PENN STATE abuse case Fallout still lingering a year after trial
In the year since eight young men took the stand to testify they were sexually abused by former Penn State assistant football coach Jerry Sandusky, the scandal has played out in the courts, in the halls of the university and in continuing debate about how it was handled and what it meant.
Two Penn State trustees made a case this month that the university already has made substantial improvements in child safety and its internal governance, with more changes on the way, including a search for a new president.
Board chairman Keith Masser said the school already can claim to be more efficient, more transparent and more accountable, a national model for university governance. He sees Penn State turning a corner.
“There’s a lot of inaccurate information and negative information that’s out there, and ... I want to make sure that we promote and discuss all the good things that have been done and we’re doing,” he said in an interview in New York with The Associated Press.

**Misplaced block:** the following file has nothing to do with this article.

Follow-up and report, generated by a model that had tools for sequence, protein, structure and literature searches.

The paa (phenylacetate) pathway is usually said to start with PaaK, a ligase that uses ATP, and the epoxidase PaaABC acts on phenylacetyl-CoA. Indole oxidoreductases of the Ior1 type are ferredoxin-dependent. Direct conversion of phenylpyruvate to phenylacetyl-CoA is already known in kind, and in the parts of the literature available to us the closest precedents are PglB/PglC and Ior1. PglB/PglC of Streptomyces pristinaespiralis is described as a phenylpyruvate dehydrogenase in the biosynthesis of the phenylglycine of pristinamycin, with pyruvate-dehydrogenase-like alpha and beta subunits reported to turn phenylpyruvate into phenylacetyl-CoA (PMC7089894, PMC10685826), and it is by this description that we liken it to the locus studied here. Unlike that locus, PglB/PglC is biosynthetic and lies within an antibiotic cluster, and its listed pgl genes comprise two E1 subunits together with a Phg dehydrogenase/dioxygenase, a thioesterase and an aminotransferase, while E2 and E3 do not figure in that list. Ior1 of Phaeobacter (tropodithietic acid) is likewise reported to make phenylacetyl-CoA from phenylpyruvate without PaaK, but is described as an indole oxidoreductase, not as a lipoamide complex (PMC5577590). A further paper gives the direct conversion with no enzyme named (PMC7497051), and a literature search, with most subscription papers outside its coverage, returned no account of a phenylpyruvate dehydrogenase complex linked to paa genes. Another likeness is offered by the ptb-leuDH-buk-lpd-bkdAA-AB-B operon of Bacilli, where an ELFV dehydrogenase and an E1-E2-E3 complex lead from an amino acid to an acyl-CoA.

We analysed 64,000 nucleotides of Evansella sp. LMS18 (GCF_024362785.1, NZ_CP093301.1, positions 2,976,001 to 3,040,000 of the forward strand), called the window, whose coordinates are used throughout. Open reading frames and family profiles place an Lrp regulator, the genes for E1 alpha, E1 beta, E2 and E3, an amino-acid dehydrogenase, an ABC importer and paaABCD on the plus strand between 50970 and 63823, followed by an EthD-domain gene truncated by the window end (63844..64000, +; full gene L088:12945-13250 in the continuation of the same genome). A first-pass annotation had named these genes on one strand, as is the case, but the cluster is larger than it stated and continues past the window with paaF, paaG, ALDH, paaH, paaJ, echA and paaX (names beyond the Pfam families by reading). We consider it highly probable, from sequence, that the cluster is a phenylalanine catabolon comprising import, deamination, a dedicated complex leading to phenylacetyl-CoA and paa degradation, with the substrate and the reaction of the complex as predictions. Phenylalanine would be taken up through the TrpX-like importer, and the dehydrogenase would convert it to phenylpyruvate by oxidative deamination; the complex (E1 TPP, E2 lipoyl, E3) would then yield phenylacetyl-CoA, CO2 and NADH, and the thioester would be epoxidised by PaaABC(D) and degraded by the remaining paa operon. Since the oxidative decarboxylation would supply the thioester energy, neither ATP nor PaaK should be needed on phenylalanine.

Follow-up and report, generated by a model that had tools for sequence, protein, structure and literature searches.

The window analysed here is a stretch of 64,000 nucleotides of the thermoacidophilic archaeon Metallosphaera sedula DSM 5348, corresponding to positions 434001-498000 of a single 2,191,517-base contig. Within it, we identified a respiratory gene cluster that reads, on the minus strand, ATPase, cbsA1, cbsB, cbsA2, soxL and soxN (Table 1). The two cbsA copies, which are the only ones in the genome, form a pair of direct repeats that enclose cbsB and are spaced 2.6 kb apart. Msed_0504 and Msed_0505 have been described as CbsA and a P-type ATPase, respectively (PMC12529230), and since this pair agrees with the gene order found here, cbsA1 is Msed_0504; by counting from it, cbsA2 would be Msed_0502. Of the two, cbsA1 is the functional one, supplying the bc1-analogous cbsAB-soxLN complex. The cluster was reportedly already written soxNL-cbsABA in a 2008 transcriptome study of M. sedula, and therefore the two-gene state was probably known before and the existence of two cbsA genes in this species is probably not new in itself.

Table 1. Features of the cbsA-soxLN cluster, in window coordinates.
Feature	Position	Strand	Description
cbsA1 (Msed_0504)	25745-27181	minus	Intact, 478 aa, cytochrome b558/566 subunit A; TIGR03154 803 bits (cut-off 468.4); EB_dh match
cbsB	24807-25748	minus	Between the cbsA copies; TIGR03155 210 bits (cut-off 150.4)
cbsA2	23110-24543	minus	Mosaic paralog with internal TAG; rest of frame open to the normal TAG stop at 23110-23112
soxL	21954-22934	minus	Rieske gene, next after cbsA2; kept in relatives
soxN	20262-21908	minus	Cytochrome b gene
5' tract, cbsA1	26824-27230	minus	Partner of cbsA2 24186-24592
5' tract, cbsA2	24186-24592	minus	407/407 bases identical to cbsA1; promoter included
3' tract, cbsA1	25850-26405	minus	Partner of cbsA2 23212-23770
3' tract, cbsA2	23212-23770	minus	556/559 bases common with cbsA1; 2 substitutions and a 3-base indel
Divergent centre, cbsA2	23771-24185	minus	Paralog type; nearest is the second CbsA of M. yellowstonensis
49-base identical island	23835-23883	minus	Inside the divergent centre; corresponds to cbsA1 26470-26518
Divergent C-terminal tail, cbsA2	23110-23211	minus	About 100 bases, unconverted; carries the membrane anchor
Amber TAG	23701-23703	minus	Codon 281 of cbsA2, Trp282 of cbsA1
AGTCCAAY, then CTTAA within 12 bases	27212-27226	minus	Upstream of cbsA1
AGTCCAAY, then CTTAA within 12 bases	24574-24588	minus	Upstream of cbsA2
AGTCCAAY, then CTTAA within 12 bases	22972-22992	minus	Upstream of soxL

The fallout from the revelations that Sandusky was a child molester who used his ties to the university to groom and victimize boys has hardly been confined to State College. There, debate continues about whether the school should have agreed to NCAA penalties, whether legendary coach Joe Paterno was treated fairly in his firing and a subsequent university investigation and what role the football team should play in campus life.
Sandusky, 69, is serving a 30- to 60-year state prison sentence after being convicted last year of sexually abusing 10 boys. He has maintained his innocence and has launched appeals, a process that could take many years.
For months now, Penn State has been negotiating with lawyers for about 30 young men who assert they were abused by Sandusky. Many of them didn’t testify against Sandusky and haven’t sued, so the nature of their allegations isn’t publicly known.
The university’s goal is to settle their claims and avoid trial, and the man brought in to help facilitate those talks said he’s optimistic the end is near.
“We’re getting closer,” said Ken Feinberg, who has been involved in many other high-profile group settlements, including the compensation funds for 9/11 and Boston Marathon bombing victims. “We should have this done, I hope, in the next couple of weeks. But it’s not done yet — the discussions continue.”